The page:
Here's a quick guide to various tools from Microsoft to help secure your systems against attack.
This list represents my personal take on the wide variety of security tools currently offered by Microsoft. It includes tools for security assessment, patch management, security scanning, system updating, lockdown, auditing, intrusion detection, virus protection, and system cleaning. There's also a brief list of RFCs that every security professional (including those who work with platforms other than Windows) should become familiar with.
I plan to update this list at myITforum.com (http://www.myitforum.com) as new items become available. If you have any suggestions to add to the list, drop me a note at myITforum@cinci.rr.com.
The Microsoft Baseline Security Analyzer (MBSA) (http://www.microsoft.com/technet/security/tools/Tools/mbsahome.asp) is a popular security tool that scans single systems or multiple systems across a network for common system misconfigurations and missing security updates.
Software Update Services (SUS) (http://www.microsoft.com/windowsserversystem/sus/default.mspx) simplifies the process of keeping Windows-based systems up-to-date with the latest critical updates. See [Hack #89] in Chapter 9 for tips on using this tool.
QChain (http://support.microsoft.com/default.aspx?scid=KB;EN-US;296861) allows administrators to script the installation of several patches without requiring multiple reboots. To use this tool, you create a batch file to update your security configuration with hotfixes. Note that QChain is not required if you are running Windows 2000 Service Pack 3 or later, or more recent versions of Windows, such as XP and 2003.
Finally, the KB 824146 Scanning Tool (http://support.microsoft.com/default.aspx?scid=kb;en-us;827363) can be used to identify computers on networks that do not have the 823980 (MS03-026) and the 824146 (MS03-039) security patches installed.
To keep your operating system up-to-date with patches, use the Windows Update web site (http://windowsupdate.microsoft.com), which scans your computer and provides a selection of updates tailored for your operating system, software, and hardware. For updating Microsoft Office products, use the Microsoft Office Product Updates web site (http://office.microsoft.com/officeupdate/default.aspx).
The IIS Web Server Lockdown Wizard (http://www.microsoft.com/technet/security/tools/tools/locktool.asp) works by reducing the attack surface of Internet Information Services and includes URLScan to provide multiple layers of protection against attackers. Note that this tool is designed only for IIS 5 (Windows 2000); because IIS 6 (Windows Server 2003) has this functionality built into it, a download isn't necessary for that platform.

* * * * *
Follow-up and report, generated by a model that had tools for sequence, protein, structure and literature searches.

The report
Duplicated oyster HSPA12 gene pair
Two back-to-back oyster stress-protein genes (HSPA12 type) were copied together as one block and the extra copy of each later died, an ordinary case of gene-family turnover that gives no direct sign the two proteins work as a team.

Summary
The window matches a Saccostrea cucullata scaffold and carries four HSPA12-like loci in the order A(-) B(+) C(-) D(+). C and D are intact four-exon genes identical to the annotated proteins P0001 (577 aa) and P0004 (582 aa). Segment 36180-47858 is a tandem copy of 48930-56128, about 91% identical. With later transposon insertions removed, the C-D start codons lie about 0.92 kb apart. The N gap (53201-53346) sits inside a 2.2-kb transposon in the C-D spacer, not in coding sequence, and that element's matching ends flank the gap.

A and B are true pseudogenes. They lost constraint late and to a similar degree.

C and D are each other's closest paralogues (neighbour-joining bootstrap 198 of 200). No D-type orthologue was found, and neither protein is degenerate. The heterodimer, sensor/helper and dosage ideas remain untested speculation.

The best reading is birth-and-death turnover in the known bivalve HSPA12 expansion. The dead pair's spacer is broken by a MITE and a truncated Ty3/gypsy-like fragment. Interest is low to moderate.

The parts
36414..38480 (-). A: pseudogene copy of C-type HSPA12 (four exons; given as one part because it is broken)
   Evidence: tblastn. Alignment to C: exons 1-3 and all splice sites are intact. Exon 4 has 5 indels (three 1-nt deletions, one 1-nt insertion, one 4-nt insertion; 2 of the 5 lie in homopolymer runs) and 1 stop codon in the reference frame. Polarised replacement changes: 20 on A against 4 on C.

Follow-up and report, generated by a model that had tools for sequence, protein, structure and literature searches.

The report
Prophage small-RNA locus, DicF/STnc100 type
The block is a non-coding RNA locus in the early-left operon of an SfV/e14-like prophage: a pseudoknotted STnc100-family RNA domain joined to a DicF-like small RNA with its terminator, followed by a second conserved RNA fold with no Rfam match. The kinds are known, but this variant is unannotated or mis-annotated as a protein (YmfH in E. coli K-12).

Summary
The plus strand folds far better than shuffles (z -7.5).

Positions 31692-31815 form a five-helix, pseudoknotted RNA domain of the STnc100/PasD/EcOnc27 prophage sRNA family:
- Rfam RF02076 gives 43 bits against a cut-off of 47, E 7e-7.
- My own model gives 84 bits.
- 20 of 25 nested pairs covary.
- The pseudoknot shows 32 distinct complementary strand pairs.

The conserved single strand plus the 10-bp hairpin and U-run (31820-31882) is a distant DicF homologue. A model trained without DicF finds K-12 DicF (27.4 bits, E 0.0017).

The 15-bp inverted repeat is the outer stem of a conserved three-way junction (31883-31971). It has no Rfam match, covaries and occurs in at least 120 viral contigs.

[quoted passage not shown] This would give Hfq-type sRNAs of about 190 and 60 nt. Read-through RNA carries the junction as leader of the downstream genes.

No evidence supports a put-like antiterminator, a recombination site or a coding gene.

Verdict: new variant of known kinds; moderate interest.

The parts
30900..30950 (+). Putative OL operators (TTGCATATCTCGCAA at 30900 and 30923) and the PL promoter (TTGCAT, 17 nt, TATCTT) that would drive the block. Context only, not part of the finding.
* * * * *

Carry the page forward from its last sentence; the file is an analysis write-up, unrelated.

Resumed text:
The UrlScan Security Tool (http://www.microsoft.com/technet/security/tools/tools/URLScan.asp) helps prevent potentially harmful HTTP requests from reaching IIS web servers. This tool also is designed mainly for IIS 5, because much (but not all) of the functionality of UrlScan is built into IIS 6.
EventCombMT is available as part of the Security Guide Scripts Download (http://www.microsoft.com/downloads/details.aspx?FamilyID=9989D151-5C55-4BD3-A9D2-B95A15C73E92). This multithreaded tool parses event logs from many servers at the same time, which is highly useful for monitoring your event logs for signs of intrusion.
The Cipher Security Tool for Windows 2000 (http://www.microsoft.com/technet/security/tools/tools/cipher.asp) permanently overwrites deleted data on hard drives. It's basically a replacement for the cipher command used to manage the Encrypting File System (EFS) from the command line.
The Office 2000 Update Service Pack 3 (http://www.microsoft.com/downloads/details.aspx?FamilyID=5C011C70-47D0-4306-9FA4-8E92D36332FE) includes the Outlook 2000 SR1 E-mail Security Update (OESU), which prevents users from accessing several potentially dangerous file types when sent as email attachments. It also increases the default security zone settings within Outlook.
The SQL Server 2000 Security Tools (http://www.microsoft.com/downloads/details.aspx?FamilyId=9552D43B-04EB-4AF9-9E24-6CDE4D933600) can help you determine whether your computer or environment is vulnerable to the Slammer worm.
Finally, here are some Request For Comment (RFC) documents that every security professional should become familiar with. These RFCs apply to any enterprise networking environment?pure Microsoft, mixed Windows/Unix, or pure Unix:
Describes how to develop security policies and procedures for sites connected to the Internet
Similar to the Site Security Handbook, but designed for users.
Describes expectations for computer security incident response teams.
These RFCs are also worth skimming through:
A glossary of security terms and abbreviations
A collection of tips on how to implement FTP servers securely
Describes expectations of security for ISPs
?Rod Trent and Mitch Tulloch